February Podcast

The February podcast is up (a week late) after our technical glitches were fixed.  Thanks to all of our listeners.  This month, we play Worship Sans Worship, Who Said It and we spend some time focusing on February’s topic of Prayer.  Jacob got a little out of control with segment intros and the phrase “the size and volume of the chunks blown by Christian music” might now be a permanent addition to the show.

As always, if you like it, share it.  If you don’t, tell us how to make it better.  Also, subscribe to us in iTunes and leave a review.  That helps us stay in the new and noteworthy section.

Peace and Grace!

Jacob and the Nonpropria.com team

2 thoughts on “February Podcast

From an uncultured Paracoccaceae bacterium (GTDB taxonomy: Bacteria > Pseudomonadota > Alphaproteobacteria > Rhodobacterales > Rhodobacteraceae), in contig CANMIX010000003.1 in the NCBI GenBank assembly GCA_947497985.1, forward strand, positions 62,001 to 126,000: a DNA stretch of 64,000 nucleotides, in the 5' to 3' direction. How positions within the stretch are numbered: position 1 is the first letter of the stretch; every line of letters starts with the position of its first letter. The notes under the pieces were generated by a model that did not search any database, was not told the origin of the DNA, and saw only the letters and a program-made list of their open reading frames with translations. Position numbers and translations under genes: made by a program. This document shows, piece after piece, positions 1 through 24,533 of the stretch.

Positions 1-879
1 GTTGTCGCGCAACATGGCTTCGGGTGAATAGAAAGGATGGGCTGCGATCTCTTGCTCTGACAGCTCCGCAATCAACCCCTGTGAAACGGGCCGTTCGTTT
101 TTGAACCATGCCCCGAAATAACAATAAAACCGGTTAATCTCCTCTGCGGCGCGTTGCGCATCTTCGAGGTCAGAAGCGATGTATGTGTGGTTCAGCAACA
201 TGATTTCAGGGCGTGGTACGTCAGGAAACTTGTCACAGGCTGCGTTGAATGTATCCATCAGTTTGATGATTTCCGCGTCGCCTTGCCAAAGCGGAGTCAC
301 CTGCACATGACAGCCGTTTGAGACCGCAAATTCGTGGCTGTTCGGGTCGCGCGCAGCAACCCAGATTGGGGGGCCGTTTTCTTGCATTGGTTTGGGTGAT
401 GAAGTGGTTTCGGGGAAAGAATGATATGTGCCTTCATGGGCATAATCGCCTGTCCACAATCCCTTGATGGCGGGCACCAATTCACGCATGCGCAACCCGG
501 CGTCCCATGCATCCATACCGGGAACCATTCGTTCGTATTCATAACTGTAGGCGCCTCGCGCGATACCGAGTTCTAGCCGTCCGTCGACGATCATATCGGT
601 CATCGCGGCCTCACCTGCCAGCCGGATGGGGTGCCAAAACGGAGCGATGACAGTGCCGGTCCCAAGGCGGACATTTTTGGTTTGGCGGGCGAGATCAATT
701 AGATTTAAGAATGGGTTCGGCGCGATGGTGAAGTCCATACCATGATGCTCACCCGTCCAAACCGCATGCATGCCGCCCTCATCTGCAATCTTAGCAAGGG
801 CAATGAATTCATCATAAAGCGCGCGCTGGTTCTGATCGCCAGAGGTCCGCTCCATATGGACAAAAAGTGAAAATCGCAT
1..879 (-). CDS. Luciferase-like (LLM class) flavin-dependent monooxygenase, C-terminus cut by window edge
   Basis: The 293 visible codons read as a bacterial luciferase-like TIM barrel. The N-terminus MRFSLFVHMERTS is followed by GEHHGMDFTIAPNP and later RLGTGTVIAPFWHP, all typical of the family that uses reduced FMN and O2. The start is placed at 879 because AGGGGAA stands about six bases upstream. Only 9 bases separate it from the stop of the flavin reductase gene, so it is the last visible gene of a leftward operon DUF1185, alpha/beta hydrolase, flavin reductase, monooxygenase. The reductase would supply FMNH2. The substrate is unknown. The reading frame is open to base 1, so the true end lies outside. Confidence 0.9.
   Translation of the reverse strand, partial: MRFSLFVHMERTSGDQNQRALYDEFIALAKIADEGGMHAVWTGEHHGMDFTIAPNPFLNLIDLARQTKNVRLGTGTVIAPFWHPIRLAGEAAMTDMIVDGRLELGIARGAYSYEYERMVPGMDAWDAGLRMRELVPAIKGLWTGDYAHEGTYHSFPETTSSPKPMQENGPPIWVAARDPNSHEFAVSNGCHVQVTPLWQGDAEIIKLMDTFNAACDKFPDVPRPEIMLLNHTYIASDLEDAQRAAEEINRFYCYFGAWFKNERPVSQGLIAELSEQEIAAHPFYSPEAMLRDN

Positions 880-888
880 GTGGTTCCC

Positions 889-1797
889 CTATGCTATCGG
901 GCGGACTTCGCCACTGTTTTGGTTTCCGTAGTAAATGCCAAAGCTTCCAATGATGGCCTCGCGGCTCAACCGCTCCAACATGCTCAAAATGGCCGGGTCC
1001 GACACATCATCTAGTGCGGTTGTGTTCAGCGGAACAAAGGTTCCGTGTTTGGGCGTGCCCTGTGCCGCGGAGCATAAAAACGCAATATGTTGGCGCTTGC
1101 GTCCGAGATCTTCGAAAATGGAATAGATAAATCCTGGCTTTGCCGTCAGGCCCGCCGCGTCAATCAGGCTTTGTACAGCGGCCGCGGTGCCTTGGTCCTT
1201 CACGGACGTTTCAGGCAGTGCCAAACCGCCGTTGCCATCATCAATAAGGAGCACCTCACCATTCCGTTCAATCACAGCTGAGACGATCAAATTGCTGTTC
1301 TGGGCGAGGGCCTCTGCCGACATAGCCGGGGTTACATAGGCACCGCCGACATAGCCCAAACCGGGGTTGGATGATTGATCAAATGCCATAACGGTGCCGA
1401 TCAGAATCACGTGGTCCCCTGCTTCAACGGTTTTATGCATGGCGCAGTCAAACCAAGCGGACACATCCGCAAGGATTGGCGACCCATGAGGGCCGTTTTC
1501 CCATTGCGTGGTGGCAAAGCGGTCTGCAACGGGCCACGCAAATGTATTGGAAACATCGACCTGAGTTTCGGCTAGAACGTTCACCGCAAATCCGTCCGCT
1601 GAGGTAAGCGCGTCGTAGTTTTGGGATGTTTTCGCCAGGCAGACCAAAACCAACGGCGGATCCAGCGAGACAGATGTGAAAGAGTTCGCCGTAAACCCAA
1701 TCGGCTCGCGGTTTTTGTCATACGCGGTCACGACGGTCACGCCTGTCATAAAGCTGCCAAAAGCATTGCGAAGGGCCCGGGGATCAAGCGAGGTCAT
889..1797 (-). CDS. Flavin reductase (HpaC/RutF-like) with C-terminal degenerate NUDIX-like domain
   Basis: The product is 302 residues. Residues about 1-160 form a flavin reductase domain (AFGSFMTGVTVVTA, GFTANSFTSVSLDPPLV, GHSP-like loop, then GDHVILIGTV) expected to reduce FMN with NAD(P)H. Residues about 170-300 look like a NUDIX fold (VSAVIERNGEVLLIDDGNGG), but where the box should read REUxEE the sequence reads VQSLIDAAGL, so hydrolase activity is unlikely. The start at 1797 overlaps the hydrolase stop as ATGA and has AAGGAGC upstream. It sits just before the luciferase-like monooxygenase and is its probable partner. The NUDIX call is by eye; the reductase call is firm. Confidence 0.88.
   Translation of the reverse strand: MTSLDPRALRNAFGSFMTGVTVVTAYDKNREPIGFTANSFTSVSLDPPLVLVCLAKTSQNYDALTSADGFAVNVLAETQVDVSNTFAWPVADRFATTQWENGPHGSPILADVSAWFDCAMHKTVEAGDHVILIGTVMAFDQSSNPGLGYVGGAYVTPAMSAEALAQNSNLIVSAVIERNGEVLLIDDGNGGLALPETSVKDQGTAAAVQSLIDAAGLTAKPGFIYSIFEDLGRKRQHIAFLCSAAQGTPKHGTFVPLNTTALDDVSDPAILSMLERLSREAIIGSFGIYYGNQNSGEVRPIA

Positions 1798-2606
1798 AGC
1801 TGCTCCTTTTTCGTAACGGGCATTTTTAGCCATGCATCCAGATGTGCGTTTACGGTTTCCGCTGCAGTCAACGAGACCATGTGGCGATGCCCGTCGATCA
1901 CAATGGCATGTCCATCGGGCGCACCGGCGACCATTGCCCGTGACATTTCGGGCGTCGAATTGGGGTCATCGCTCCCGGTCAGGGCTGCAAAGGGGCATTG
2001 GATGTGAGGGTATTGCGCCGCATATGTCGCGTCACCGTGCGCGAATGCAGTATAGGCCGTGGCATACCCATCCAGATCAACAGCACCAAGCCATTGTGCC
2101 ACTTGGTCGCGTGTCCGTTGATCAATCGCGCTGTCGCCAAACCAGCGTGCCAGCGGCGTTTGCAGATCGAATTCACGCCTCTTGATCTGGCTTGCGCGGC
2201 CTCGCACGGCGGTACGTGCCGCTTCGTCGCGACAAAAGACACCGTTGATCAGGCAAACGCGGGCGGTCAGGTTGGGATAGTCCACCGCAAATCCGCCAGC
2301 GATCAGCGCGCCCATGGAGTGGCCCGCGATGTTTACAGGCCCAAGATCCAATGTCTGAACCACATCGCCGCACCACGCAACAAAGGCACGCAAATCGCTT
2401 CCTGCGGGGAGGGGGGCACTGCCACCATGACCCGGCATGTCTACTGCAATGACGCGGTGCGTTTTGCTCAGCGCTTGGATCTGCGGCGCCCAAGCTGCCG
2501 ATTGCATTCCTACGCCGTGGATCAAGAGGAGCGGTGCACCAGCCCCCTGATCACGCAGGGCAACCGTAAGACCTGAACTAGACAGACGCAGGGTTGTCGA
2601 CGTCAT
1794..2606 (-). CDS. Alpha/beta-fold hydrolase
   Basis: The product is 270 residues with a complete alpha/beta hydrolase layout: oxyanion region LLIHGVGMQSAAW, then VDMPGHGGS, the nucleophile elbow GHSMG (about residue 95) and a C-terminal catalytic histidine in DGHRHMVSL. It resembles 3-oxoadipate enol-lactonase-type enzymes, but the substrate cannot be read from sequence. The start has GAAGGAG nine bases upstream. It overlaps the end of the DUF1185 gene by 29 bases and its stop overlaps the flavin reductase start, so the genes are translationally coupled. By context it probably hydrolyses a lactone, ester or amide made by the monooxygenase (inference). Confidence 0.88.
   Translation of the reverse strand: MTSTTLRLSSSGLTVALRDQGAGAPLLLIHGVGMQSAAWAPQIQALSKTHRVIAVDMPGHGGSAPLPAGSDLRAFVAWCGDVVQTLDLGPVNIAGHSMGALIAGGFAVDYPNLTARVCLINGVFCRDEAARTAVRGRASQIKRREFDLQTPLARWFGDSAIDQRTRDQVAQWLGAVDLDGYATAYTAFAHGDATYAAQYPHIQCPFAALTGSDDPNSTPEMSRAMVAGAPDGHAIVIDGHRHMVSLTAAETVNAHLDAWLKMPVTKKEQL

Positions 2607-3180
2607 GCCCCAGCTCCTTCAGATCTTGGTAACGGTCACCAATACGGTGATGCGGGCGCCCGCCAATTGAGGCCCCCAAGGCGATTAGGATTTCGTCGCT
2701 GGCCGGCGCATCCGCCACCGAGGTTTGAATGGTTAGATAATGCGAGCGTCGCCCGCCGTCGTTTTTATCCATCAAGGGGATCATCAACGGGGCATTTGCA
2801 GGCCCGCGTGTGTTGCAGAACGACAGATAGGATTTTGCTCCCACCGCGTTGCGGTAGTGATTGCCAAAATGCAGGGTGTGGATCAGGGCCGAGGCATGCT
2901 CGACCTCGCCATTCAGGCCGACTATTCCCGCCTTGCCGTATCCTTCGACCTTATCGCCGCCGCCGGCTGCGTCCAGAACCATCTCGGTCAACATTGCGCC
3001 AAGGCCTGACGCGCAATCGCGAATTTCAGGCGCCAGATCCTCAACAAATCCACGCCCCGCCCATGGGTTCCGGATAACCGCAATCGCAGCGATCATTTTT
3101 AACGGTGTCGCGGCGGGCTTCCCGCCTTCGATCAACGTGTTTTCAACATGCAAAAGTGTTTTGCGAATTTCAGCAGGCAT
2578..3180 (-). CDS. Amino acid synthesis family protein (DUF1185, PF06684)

1. I like how you discussed the value of some of the old traditions such as prayer beads and rosaries. As with anything one does, the value comes with the thought behind the action. There is certainly no meaning to rambling through a bunch of rote prayers without any thought behind them, but there is great value to having a string of beads in your hand, the physical caressing of which helps to bring those remembered prayers forth through a brain, heart, and soul that is so mired in grief, depression, and turmoil that even remembering to breathe is arduous. It is in times such as these that the prayers and scripture we were forced to learn as children (before we understood the words, before we could comprehend the need for the comfort those words could offer) are the hands that hold and rock us because we don’t have the wherewithal to put two of our own thoughts together. I have experienced times when my need was greater than words and I believe that my silence and my need were sufficient supplication. Just as when a broken-hearted child comes to you in tears you don’t need an explanation to begin comforting them, you just take him/her in your arms, let him sob, help him relax, THEN hear him out. God does the same when we are unable to entreat him. Back to the beads, though. They are a tool which can help me to calm my shattered self, force me to focus on something outside of myself, even if it is the cool, smoothness of the bead between my fingers. Which then makes me think about which prayer is supposed to be recited at that particular bead, and the entire process which eventually calms me and leads me to what I consider personal prayer, but it was the memorized scripture and prayers that carried me through the turmoil to reach the calm. There have been times when I can visualize my catechism book and the location of certain prayers on the pages and those words that I learned as a child are all that I have to offer, but when I think about those times it isn’t me offering those words to God, it is Him offering them to me. Sometimes it isn’t prayers or scripture, but lyrics of long ago hymns (which are actually prayers). So, I know this is long and repetitive, but I guess what I am hoping it conveys is something that leads into next month’s topic of how do you teach. My point being that I tend to think that it isn’t important to teach what a child isn’t ready to fully understand, but I think that is an error on my part. Teach the children big things that will help them throughout life. What they take from it in their youth will be different than what they receive from it in their future. For example, the Lord’s prayer. As a child I fully thought that I would never go hungry because I asked God for daily bread…..that’s a pretty good thing for a child to think, no need for a child to know the rest of the story until they are ready. I was with my mother while she sat at the bedside of her mother during her last nights of her long and storied life. At age 100, while she was sill able to speak, the prayer that crossed her wrinkled lips was “Now I lay me down to sleep”

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